Going through the Coastal Commission (CC) process can be a daunting, time-consuming, and sometimes frustrating task.
After going through this process for my new home, I recommend doing the following two things first:
- Check if your project falls under the Coastal Commission jurisdiction by calling your District Office and ask to speak with the planner on duty. Planners are there to help you and answer any questions. They have been wonderful every time I have called.
- If they confirm that you need a CC permit, ask if your location falls under a Certified Local Coastal Program. Under this program, you will fill out special city or county forms rather than the CC forms. Your application will be filed with the program rather than with the CC. My project was not under a program, so I had to file with the Coastal Commission; however, I believe that going through a local program may be a faster process.
Good things to know about the process:
The Coastal Commission meets only once a month, so turn in your application at least 30 days before their next meeting if you hope for them to review it at their next hearing. I was lucky – I turned in my application on June 25 and it was reviewed (and approved!!!) on August 12.
Meetings rotate between different district offices. Keep this in mind if you think you will need to, or want to, attend the hearing.
Drop off the application and documents in person! When you go to the office, ask for the planner on duty. Request that they check your application.
Bring your checkbook. I didn’t think of bring my checkbook because I had written a check for the application fee listed on the back of the application. Apparently the fees had changed, so I needed to write a new check. Thankfully, the planner was very understanding and she still took my application and asked me to mail a new check. I did this immediately!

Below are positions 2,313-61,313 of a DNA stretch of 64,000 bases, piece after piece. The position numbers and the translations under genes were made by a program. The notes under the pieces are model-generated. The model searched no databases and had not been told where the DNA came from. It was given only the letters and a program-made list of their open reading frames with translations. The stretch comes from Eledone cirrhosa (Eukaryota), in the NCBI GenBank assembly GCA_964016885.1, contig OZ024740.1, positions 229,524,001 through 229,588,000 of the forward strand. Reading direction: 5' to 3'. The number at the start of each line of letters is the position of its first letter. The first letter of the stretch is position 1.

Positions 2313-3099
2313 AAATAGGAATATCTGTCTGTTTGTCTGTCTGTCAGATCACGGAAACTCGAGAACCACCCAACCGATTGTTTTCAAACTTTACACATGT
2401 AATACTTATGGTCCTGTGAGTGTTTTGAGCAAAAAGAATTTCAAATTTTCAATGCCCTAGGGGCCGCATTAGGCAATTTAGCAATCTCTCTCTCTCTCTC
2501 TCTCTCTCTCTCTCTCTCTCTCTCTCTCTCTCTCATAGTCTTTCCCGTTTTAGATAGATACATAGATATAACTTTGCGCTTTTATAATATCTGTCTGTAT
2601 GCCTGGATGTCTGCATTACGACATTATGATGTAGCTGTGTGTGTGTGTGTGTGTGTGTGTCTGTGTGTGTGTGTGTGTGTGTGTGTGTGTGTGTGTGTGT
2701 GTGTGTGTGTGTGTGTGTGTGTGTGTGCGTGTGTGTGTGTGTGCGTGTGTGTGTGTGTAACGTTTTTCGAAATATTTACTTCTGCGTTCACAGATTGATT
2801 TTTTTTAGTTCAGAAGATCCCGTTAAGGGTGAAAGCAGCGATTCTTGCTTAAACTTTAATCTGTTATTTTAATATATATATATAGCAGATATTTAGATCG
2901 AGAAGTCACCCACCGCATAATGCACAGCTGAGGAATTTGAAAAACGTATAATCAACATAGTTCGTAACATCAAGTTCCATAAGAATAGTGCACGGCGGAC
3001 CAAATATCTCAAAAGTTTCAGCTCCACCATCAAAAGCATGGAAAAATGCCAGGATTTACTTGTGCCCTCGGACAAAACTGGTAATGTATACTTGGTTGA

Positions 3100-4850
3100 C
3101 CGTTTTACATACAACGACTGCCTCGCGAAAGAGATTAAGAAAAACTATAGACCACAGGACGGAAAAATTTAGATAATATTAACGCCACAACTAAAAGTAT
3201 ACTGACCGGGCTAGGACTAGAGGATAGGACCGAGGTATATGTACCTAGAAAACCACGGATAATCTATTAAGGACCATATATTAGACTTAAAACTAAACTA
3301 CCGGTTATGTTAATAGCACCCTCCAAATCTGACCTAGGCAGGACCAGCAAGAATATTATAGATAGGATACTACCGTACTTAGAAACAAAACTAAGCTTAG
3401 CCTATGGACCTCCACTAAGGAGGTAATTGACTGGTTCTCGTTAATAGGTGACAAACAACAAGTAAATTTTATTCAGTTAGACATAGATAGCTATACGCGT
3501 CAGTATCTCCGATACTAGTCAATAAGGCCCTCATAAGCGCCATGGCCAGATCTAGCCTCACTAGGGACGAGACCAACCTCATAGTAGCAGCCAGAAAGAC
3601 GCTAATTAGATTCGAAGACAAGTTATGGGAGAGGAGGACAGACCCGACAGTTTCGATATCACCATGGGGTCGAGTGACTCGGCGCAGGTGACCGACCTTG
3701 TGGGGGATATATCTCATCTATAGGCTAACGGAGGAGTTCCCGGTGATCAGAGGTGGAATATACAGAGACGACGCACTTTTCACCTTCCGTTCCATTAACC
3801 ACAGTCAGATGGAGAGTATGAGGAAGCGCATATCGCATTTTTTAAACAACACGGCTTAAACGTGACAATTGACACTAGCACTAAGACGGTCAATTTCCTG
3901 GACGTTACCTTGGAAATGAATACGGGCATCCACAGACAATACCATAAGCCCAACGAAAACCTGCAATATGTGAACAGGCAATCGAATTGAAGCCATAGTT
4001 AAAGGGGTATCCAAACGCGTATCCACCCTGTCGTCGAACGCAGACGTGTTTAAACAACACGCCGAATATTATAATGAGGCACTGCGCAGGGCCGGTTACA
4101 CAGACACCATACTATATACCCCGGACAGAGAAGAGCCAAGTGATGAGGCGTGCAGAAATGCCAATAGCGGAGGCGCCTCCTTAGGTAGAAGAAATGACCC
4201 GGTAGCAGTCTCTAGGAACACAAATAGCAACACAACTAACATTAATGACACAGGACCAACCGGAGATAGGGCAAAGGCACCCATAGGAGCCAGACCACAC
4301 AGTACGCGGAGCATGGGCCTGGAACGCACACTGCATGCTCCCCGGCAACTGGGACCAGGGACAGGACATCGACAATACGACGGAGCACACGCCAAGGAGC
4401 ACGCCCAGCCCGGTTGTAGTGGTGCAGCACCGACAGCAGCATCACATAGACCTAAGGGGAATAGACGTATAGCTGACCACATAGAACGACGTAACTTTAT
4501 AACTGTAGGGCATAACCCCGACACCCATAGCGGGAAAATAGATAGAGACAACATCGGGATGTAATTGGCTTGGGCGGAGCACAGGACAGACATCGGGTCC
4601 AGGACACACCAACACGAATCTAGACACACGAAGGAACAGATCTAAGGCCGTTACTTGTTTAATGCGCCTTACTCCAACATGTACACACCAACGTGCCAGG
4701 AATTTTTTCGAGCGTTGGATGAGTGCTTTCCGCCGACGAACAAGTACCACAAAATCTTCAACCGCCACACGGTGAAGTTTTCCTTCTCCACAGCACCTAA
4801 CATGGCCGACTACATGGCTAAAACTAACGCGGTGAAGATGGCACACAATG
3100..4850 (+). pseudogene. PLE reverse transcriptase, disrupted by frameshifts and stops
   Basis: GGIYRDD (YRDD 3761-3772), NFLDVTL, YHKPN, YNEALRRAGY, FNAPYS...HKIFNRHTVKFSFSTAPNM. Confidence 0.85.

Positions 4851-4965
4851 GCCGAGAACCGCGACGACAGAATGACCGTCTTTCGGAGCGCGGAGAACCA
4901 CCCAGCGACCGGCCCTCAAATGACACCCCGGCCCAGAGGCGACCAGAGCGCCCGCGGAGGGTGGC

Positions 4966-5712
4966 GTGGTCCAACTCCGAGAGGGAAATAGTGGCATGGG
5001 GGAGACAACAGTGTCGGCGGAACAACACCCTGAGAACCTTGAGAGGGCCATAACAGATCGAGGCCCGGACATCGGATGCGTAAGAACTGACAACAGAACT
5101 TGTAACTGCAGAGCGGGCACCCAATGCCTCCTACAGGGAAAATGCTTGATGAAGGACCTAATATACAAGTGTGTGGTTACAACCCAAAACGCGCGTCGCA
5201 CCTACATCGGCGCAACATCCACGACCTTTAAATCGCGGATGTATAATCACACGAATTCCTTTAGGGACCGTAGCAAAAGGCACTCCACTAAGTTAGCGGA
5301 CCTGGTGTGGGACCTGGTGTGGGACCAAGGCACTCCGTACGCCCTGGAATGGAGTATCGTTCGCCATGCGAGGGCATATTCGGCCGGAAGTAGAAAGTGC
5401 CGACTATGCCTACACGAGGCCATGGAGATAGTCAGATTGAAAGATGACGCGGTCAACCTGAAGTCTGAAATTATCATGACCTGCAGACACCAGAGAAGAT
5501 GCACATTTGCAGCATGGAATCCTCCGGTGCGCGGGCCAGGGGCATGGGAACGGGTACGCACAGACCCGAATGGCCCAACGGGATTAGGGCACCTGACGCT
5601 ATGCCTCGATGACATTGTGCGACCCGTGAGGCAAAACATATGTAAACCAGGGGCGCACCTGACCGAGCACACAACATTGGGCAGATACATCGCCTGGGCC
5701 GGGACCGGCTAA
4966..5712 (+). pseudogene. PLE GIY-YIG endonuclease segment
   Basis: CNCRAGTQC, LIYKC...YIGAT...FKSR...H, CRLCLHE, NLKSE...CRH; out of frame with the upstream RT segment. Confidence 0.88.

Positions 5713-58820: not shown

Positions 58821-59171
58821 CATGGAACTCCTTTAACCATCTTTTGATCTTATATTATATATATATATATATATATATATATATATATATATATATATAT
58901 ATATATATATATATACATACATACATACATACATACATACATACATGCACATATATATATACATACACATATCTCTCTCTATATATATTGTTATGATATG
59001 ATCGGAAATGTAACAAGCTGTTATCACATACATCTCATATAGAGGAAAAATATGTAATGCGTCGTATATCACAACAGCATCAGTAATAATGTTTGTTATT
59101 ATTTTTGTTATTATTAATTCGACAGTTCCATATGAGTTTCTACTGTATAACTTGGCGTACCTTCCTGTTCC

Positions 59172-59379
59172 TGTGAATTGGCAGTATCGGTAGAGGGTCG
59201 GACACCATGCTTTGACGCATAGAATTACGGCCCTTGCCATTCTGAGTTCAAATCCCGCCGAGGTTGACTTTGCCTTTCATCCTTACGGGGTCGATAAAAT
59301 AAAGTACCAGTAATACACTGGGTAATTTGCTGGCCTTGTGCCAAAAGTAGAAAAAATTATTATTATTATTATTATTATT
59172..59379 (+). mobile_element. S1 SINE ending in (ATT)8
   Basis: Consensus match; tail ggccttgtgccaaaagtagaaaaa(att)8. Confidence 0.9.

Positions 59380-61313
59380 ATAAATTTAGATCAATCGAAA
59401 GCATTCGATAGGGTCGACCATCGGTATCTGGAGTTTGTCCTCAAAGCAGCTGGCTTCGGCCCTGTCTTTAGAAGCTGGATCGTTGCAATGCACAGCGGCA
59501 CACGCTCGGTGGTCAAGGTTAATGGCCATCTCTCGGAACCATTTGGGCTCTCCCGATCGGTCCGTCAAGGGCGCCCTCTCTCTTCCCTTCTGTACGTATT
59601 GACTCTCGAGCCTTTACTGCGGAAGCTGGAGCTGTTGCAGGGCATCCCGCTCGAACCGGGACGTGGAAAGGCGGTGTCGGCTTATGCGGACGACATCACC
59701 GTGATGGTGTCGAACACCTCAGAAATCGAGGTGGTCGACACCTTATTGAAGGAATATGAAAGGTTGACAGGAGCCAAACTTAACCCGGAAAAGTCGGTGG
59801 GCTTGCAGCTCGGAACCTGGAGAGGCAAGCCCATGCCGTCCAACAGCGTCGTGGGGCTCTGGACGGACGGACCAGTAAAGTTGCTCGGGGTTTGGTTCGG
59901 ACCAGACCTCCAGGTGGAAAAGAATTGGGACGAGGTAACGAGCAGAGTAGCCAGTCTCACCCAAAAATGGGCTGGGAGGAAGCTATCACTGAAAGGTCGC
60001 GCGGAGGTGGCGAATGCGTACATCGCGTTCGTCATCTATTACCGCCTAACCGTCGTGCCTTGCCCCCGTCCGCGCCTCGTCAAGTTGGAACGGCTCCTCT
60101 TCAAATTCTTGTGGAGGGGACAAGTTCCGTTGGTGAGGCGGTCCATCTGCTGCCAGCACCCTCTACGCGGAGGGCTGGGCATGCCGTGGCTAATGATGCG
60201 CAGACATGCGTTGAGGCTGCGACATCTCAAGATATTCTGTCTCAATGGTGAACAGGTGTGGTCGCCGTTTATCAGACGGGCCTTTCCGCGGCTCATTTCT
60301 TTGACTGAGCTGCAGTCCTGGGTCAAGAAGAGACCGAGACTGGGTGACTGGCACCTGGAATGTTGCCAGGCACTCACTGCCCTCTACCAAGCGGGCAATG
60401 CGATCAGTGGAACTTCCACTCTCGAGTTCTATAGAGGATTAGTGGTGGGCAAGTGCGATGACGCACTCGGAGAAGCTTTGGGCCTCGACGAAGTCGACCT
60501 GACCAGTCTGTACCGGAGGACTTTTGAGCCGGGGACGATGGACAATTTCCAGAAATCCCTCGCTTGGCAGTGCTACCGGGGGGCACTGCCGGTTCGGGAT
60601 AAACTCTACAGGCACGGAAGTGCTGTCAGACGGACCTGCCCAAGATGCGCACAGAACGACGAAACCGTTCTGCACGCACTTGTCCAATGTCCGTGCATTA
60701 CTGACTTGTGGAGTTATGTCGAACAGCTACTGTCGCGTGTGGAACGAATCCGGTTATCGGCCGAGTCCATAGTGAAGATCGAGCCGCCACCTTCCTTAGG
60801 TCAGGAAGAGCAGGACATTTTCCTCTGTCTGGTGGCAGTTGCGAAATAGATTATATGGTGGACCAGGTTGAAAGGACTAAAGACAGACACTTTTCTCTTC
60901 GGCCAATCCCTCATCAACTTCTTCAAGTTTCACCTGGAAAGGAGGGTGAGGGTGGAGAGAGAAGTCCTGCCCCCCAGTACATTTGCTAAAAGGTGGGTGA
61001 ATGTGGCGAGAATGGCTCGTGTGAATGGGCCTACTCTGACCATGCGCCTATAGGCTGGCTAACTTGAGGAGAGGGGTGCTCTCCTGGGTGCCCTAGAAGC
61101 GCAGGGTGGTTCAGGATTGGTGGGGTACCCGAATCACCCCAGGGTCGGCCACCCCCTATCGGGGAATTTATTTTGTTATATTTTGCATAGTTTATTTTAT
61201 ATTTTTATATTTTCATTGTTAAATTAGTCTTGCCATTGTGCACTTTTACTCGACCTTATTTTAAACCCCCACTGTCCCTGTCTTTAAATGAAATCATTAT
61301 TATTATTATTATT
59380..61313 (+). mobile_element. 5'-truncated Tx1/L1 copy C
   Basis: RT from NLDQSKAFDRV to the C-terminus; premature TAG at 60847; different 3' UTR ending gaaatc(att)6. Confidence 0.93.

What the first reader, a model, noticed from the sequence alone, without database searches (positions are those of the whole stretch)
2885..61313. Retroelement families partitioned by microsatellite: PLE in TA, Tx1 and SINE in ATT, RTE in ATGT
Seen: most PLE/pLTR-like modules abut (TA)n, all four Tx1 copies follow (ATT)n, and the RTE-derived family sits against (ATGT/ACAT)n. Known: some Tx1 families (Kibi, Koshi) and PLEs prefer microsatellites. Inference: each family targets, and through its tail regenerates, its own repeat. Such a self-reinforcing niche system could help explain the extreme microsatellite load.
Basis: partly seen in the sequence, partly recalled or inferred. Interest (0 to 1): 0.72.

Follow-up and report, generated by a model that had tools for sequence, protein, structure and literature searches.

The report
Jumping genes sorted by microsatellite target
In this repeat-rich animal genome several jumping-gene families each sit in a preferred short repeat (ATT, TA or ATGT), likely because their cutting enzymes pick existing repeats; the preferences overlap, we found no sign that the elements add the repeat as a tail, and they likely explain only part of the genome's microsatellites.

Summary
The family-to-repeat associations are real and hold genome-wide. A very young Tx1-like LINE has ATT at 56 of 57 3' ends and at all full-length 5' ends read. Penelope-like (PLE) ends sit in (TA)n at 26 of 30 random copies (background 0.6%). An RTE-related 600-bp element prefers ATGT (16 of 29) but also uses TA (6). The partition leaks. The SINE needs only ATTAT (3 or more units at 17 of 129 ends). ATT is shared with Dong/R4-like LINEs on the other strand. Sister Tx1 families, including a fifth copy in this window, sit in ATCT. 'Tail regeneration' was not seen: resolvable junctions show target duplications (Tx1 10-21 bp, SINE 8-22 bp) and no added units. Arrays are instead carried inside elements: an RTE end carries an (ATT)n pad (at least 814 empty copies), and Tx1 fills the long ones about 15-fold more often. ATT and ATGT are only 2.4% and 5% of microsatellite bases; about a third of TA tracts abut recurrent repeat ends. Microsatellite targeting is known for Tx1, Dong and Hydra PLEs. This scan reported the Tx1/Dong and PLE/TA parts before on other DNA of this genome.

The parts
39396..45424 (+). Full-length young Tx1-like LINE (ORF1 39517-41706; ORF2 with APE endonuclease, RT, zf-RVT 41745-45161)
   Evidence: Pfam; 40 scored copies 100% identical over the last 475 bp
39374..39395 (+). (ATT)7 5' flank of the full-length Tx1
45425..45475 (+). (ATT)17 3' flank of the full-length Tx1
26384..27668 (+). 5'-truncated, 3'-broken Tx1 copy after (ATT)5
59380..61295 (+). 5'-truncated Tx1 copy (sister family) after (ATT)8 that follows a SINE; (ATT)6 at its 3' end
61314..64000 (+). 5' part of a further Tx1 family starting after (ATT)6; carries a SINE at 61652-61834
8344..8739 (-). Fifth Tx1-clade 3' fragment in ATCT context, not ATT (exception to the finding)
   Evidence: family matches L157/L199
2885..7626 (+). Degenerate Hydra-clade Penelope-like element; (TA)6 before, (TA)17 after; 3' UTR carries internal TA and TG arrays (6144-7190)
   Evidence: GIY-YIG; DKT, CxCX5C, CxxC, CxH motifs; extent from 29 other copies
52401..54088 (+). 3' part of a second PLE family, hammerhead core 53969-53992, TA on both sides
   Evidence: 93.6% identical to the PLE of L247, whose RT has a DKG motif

Planners have 30 days minimum to review your application before sending it to the Commission. They will contact you if they have questions or if further documents are required. If you want the process to go smoothly, it is imperative to work with someone who knows the process and has gone through it (ie: me!).
Be prepared for an onsite evaluation and inspection. I knew this would happen, but I was not informed of when they would visit my project site.
Post the application notice! Part of the application includes a notice you have to post on your subject site. It has to be on yellow paper, and you have to tell me exactly when you will post it. Make sure it stays there. I placed mine in a plastic holder so it wouldn’t be damaged by the sun, wind, or rain.
Request a waiver. If you live in an already developed land, such as a manufactured home community, you might qualify for a waiver. This means that you won’t have to apply for the CC Development Permit, which costs thousands of dollars. When I applied, the waiver was $546.
Helpful contact links:
- For future hearing dates, click here
- As of right now, there are seven Coastal Commission district offices, so check for the closest to you when dropping off your application:
- Each District Office has their own application. The location that applies to you is based on your County (click on the list of district office link above, select the pin closest to you, and then look at the bottom of the pop-up for the contact information.)
- A list of all the applications.
Let me know if you have questions. I hope this was helpful!